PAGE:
CAPE TOWN, South Africa — The barman at Café Manhattan is buff and shirtless as he mixes afternoon drinks for two men sitting together on bar stools topped with cowboy saddles. The cocktail list is long but the African Queen (crème de banana, triple sec and orange juice) is always popular.
On the sunny terrace outside most tables are occupied by men, some in couples, some in groups.
At the heart of Cape Town’s gay village Café Manhattan, on a corner of Waterkant Street, has for years been a mainstay of the city’s vibrant, thriving, visible and open gay scene.
No one here is hiding. Nearby are a diner called Beefcakes where pastel pink and white flamingo statues welcome punters, a long-running gay nightclub called Beaulah (“Where Cape Town’s fabulous gay community meet to party”) and the popular Amsterdam Action Bar, among other joints.
But Cape Town’s gay village doesn’t, wouldn’t, and couldn’t exist in any other country on this continent, the majority of which outlaw homosexuality. Some have seen a recent increase in penalties for homosexual acts. In these places gay people and other sexual minorities are forced into lives of secrecy and fear. Coming out is an act of bravery and defiance: Far more than social awkwardness is at stake.
Homosexuality is illegal in 36 out of 55 African countries and carries the death penalty in four. The presidents of Nigeria and Uganda recently passed new laws strengthening existing anti-gay legislation. A parliamentary caucus in Kenya is demanding anti-gay laws be applied rigorously and one MP recently said homosexuality is “as serious as terrorism.”
South Africa runs contrary to these currents. The country’s 1996 constitution prohibits discrimination on the grounds of sex, sexual orientation and gender. Pierre de Vos, a law professor at the University of Cape Town, says South Africa is different “because of the way in which it became a democracy.
“Equality was very important to some of those deeply involved in the struggle against apartheid and they successfully put the argument that the struggle is against the denial of dignity and against all discrimination,” said de Vos. “Part of the struggle was about human rights.”
Even so, South Africa is no paradise for lesbian, gay, bisexual, transgender, and intersex (LGBTI) people, as de Vos points out. His experience as “a privileged white middle class, gay man in Cape Town” is very different from that of, say, “a black, lesbian woman in a small town.”
Brutal “corrective rapes” of lesbian women and hate crimes against homosexual men, including beatings and killings, happen despite the legal protections of the constitution.
Nevertheless, South Africa is an outlier when it comes to the state’s efforts to protect sexual minorities from the kind of discrimination gaining traction elsewhere in Africa.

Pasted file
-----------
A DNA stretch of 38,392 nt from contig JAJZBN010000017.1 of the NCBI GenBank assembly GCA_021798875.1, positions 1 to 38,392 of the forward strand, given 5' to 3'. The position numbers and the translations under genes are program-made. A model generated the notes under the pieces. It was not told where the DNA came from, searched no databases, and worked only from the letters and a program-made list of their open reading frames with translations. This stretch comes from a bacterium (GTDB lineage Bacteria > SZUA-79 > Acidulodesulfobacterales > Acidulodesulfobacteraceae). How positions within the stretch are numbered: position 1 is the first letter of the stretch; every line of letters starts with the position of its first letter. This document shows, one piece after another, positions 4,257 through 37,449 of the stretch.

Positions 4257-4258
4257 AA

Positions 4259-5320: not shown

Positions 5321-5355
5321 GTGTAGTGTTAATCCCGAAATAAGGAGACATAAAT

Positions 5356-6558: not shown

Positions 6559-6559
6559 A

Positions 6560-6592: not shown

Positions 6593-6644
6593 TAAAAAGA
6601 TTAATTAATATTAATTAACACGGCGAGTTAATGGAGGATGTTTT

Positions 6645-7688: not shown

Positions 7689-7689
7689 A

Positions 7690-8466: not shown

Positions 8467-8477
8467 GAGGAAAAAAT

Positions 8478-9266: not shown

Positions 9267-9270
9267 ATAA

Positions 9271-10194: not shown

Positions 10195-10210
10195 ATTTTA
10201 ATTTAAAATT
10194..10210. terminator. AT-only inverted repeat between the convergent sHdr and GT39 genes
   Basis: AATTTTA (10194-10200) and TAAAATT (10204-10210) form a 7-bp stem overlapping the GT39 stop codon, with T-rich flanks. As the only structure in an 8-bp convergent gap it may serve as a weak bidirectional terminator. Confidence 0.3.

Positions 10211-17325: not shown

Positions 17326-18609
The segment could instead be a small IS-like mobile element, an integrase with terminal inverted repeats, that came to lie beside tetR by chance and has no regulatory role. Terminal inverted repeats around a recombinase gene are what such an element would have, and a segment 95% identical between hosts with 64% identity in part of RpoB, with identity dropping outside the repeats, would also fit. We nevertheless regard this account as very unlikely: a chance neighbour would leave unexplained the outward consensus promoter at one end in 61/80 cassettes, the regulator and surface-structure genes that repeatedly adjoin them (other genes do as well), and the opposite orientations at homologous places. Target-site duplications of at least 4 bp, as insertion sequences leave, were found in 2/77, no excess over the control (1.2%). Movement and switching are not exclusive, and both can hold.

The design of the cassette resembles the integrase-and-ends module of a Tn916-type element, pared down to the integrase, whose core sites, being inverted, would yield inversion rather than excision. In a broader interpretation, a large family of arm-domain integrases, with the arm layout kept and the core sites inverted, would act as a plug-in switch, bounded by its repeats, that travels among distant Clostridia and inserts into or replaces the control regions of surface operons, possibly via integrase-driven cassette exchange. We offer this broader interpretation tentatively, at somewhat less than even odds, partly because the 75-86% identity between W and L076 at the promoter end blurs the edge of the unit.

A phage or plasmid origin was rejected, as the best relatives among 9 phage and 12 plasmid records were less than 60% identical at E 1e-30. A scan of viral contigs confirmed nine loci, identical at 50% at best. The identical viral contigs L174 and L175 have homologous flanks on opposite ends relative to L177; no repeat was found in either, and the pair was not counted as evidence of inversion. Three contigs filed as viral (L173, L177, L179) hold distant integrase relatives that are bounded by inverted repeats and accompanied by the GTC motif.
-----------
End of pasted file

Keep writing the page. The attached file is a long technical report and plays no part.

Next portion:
“The specter of colonialism and imperialism hangs over this,” said Desiree Lewis a feminist activist and head of the Department of Women and Gender Studies at the University of the Western Cape during a recent public discussion on sexuality and the law at a bookshop in Cape Town.
Colonial rulers first wrote most of Africa’s anti-gay laws more than half a century ago. Despite their rhetoric that holds homosexuality as “un-African,” today’s anti-gay lawmakers are defending, and strengthening, that colonial legacy, according to Lewis: The ideas of both the nuclear family and exclusive heterosexuality were “colonial constructs.”
“We must ask where does the homophobia come from?” said Lewis. She went on to blame recent Christian fundamentalism for “fueling a backlash against sexual rights and feminism.” American evangelicals have been linked to the formulation of Uganda’s anti-gay law, which included the death penalty in an early draft.
The uncomfortable truth for liberals of every persuasion is that the anti-gay laws in much of Africa are popular and to call for their tightening is a near-guaranteed vote-winner. Analysts have noted that the passing of the Nigeria and Uganda laws come ahead of presidents Goodluck Jonathan’s and Yoweri Museveni’s expected reelection campaigns for 2015 and 2016, respectively.
Such moves would be unlikely to gain support in South Africa, however. “Populist politicians would find it hard to make anti-gay arguments because the elite discourse in South Africa rejects homophobia,” said de Vos.
He argued that South Africa can play a role in countering the anti-gay movement in Africa by showing there is an alternative to repression. De Vos pointed to Archbishop Desmond Tutu, a respected church leader and anti-apartheid activist, who publicly criticized Uganda’s new anti-gay law by comparing it to apartheid South Africa and Nazi Germany.
“The history of people is littered with attempts to legislate against love or marriage across class, caste, and race,” Tutu said.